And, as excited as we are about the impact that Promise54 will have, this news is also bittersweet. We love our colleagues on the Talent Services team and will miss how our day-to-day-interactions enrich Bellwether. It’s in this spirit of collaboration and camaraderie that we’re committed to the creation and continuation of two transformative organizations.

I hope you will join me in celebrating Unrealized Impact and Promise54!

Want to Bring Equity to Rural Schools? Start With Ed Tech Infrastructure

Last month, EdWeek published a Q&A with education technology experts discussing the future of technology use in classrooms. Their comments echoed what I learned during my teacher training: data-driven instruction is essential for student growth, and ed tech is the key to delivering quality, personalized learning.

Yet what many of those experts failed to mention is that the best learning technology is only successful if the basic infrastructure is in place — and for rural students, this lack of infrastructure has turned into a technology equity gap.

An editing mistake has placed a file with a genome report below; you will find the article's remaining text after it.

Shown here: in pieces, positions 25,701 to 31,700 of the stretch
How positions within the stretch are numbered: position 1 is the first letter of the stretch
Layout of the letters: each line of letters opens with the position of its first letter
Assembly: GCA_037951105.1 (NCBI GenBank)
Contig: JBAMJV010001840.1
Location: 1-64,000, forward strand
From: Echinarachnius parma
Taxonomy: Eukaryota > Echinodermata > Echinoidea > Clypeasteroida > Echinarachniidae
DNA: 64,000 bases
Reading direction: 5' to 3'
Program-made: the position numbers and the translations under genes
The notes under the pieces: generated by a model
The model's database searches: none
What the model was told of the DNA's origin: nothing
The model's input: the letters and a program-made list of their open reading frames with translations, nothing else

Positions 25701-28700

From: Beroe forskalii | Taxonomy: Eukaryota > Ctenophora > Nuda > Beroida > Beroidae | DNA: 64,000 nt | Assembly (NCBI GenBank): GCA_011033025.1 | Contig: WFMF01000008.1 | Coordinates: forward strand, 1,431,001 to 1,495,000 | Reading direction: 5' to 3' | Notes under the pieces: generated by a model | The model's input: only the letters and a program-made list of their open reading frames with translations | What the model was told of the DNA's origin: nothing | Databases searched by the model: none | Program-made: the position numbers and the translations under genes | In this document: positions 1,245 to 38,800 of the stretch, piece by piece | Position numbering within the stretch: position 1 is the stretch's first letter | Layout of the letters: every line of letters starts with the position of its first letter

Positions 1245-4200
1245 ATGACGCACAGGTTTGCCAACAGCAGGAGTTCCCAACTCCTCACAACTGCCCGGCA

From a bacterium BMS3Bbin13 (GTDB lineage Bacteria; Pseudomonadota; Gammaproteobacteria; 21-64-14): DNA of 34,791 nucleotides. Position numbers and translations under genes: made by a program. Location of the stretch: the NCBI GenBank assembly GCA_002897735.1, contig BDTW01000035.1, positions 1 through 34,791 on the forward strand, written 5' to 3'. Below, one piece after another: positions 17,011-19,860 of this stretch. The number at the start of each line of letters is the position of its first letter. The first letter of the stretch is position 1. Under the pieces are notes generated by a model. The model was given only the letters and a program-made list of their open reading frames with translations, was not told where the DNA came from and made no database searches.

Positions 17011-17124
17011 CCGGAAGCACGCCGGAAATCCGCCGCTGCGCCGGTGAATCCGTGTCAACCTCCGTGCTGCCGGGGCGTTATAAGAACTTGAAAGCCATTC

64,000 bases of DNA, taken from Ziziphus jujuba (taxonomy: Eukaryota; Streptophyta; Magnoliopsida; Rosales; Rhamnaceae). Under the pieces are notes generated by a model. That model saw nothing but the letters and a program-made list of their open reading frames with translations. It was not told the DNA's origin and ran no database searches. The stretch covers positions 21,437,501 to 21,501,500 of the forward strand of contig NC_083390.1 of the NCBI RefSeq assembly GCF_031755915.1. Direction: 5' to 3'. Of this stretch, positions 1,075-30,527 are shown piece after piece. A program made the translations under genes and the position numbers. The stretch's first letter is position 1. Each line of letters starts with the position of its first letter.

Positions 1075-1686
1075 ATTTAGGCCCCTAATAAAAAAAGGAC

One in five students attends school in a rural district, where teachers often lack access to reliable internet and hardware. Rural schools located in low-socioeconomic communities struggle to provide teachers and students with updated technology. When teachers are able to introduce ed tech into the classroom, the new devices are often not supported with necessary broadband or storage improvements.

Two of my 4th grade students collaborating in the computer lab.

I saw this firsthand as a rural educator in South Carolina, where frequent computer failures made it nearly impossible to implement technology-enabled personalized learning. In my former school district, using ed technology wasn’t just suggested — for many classes, it was required. Each week, my class went to the computer lab to work on a literacy program purchased by the school. When the computers worked, the program was a hit — it allowed my students to advance at their own pace and to focus on personalized standards and skills.

Each time we visited the lab, however, a new problem emerged: often, the internet didn’t work at all. If the internet worked, then half of the desktops were down. Sometimes we’d make it all the way through the login stage before the desktops began crashing, and I’d watch as a sea of hands flew up around the room. After five failed visits, I quit going to the lab completely.